Margaret Ritchie, newly elected leader of the SDLP 'has re-affirmed her party's nationalism, implicitly moving away from suggestions of any sort of Assembly link with the Ulster Unionists and Alliance Party'.
This puts a small spanner in the works for those who had hoped to prise the SDLP away from Sinn Féin, and to co-opt them into a 'voluntary coalition' arrangement, the sole purpose of which would be to permanently exclude Sinn Féin from power.
Ritchie's rival, Alasdair McDonnell, was known to favour closer cooperation between the SDLP and the UUP and Alliance to form a 'centrist' group in the Assembly. In such a scenario, of course, the SDLP could have been enticed by its new unionist 'friends' to accept a place in a voluntary coalition, and Sinn Féin – in the dreams of unionists – would have been cast out into the darkness. Unionism would have made up the lion's share of the voluntary coalition, and thus would have held the majority of the posts and most of the power. The sun would again have started to shine in the blue skies of unionist 'Ulster'.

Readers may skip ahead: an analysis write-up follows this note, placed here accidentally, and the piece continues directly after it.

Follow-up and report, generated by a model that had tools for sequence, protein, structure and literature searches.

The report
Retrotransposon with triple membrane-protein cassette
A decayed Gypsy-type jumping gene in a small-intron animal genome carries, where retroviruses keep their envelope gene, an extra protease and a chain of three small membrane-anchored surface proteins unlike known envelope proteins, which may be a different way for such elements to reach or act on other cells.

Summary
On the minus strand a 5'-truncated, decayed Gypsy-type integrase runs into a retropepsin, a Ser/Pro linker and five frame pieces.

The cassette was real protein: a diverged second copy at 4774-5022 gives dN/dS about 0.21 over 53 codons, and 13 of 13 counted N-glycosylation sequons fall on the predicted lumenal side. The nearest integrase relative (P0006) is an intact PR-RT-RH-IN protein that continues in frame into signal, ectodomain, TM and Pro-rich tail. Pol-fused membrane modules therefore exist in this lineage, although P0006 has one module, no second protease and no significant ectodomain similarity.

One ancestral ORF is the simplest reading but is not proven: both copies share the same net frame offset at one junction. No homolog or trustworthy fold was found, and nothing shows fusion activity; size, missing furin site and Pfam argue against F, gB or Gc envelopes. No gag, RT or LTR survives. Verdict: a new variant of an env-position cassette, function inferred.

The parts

But with Ritchie asserting a clearly nationalist agenda, the fantasy of voluntary coalition is unlikely to come about, and the blue sky is clouding over. The future, whether or not unionists like it, involves sharing power with Sinn Féin as equals, not just throwing a few titbits to the SDLP as a junior member of a voluntary coalition.